The full set of equations forming the model is included in the Supporting information.


For the oxidation and reduction reactions, the rate laws have been explicitly described and measured in previous literature [19, 20, 32, 37, 38], so their values were adopted here (Table 1). For the mineralization and nucleation rate laws, the parameter values were determined by nonlinear least-squares using the parameter estimation task in COPASI using a combination of optimization algorithms (Genetic algorithm, Hooke and Jeeves, and Particle swarm). Published experimental data on initial rates of mineral formation as a function of the number of initial iron atoms per core (APC) [40] were used for the fitting. The range of parameters estimates for rate constants were constrained by knowledge of the chemical properties of mineralization compared to the oxidation step (Km value is near DFP concentration, kcat is smaller than oxidation kcat, etc.). The result of the estimation enabled a reasonable fit to the experimental data, shown in Fig 2A.

Fig 2. Model calibration and validation.

a. Calibration. Using data from Harrison 1974 [40], parameter estimation was performed to determine the parameters for mineralization and nucleation. Following the parameter estimation, the model produced output (black line) that was a good representation of the experimental data (blue circles). Conditions: 4 H-chains/FT, 2.32 μM FT, 470 Fe atoms per FT cage b-g. Validation. To validate the model, the model was run against four independent experimental conditions. For each experiment, the model parameters were preserved, only the initial concentrations were altered to match the experimental conditions. b. DFP formation over time (from Tosha 2008 [38] Fig 2B, Conditions: 24 H-chains/FT, 4.2 μM FT, 1–600 Fe atoms per FT cage), c. Iron addition and mineralization (from Zhao 2003 [21] Fig 2, Conditions: 4 H-chains/FT, 0.2 μM FT, 410 Fe atoms per FT cage). d and e. Mineralization from varied initial iron concentrations (from Fig 1 of Bou 2019 [39]), Conditions: 24 H-chains/FT, 0.5 μM FT. Each time course represents an experimental condition where the FT concentration is the same and the initial iron added was varied. From bottom to top, the amount of iron atoms added per FT cage was 42, 100, 200, 300, 400, 500. f. Iron addition and mineralization (from Zhao 2003 [21] Fig 3, Conditions: 24 H-chains/FT, 0.5 μM FT, 100 and then 700 and 700 Fe atoms per FT cage). g. Iron addition and mineralization (from Zhao 2005 [41] Fig 2B, Conditions: 4 H-chains/FT, 22 μM FT, 0–20 Fe atoms per FT cage).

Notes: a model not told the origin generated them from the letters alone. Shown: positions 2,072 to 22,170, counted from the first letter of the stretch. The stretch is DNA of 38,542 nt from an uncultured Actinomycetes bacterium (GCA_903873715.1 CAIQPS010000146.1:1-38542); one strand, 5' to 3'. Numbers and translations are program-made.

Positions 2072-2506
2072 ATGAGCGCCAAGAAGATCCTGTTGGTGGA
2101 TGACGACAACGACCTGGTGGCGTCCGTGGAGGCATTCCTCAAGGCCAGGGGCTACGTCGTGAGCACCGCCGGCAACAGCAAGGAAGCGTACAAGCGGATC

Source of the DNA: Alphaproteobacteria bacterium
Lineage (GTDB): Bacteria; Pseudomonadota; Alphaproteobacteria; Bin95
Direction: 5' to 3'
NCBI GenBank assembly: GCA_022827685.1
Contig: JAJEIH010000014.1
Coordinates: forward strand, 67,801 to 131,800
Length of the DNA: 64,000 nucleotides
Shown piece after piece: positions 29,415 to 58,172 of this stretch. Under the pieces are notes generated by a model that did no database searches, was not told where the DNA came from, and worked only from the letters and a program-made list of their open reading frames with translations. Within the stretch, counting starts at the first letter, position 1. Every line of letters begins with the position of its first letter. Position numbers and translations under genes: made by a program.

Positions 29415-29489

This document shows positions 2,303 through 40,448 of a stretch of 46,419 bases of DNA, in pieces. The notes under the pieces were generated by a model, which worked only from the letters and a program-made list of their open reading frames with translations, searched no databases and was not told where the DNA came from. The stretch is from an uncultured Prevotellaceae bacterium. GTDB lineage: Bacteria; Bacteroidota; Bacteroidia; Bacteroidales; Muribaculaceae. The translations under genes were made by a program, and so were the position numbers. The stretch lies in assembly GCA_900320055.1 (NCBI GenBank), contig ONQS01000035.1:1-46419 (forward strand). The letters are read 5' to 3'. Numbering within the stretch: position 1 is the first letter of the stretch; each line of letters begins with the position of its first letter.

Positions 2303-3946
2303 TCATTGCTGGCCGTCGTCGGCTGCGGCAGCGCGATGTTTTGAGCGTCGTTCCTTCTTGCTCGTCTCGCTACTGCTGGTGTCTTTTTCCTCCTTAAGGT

Model validation is an important step which is designed to test the model in conditions different than reflected in the fitting data. Before determining the numerical values of the model parameters, datasets from three studies that measured FT iron kinetics under conditions different than those used for calibration were set aside a priori. To validate the model its output was compared to these datasets. The first one measured DFP formation rate as a function of initial iron concentration [38], the second measured mineralization over time following one or several additions of ferrous iron [21], and the third measured mineralization over time with different initial ferrous iron concentrations [39]. These experimental datasets all came from different laboratories, using different setups, and using different iron loading conditions.

Validation revealed that the model parametrization carried out above is satisfactory in that it reproduces the validation data appropriately (Fig 2B–2G). Validation results indicate that the model displays a stronger cooperative effect on DFP mineralization rate than was observed experimentally. In Fig 2D, the modeled mineralization curve is initially lower than the experimental observations, while the model also reaches a steady-state core concentration faster than in the experiments. This difference may not be too significant because in the cellular context, which is the target context for this model, the important timescale is in minutes or greater, while the differences in Fig 2D are in the first 20 seconds. The model behaves more closely to the data in Fig 2D if parameter values change within +/- 10%, as depicted in Fig 2E, though such parameter values would then fit Fig 2B and 2C more poorly. For the final version of the model we adopted the parameter values of Fig 2A–2D and 2f with the knowledge that if required by any future use, a small change in those values could bring the data closer to the data of the Bou et al. 2019 experiment [39]. The results show the model can perform well in predicting FT behavior at cellular timescales, but if the precise tracking of early mineralization events is to be captured, a model with increased detail—but possibly less suited to a cellular model—should be created. Overall we believe these validation results indicate that our model is useful to represent the action of ferritin on iron sequestration as a building block in cellular models.


Having obtained a model that suitably fits experimental data, even in conditions different from those it was calibrated in, the model was used to explore five aspects of FT iron sequestration dynamics. The first aspect explored is the effect of the pre-existing number of iron atoms per cage in FT. Second, simulations were run to show the effect of FT concentration and APC under different experimental conditions than were used in the calibration and validation steps. Third, simulations with varying subunit compositions were run, driven by a curiosity about the consequences on iron sequestration at different heavy to light ferritin subunit ratios. The fourth aspect addressed is the dynamics of iron release from FT. Lastly, to demonstrate how this model can be used as a component of larger models, it is incorporated into a previously published model of hepatocyte iron metabolism [33], and it is shown how that model’s properties improve when doing so.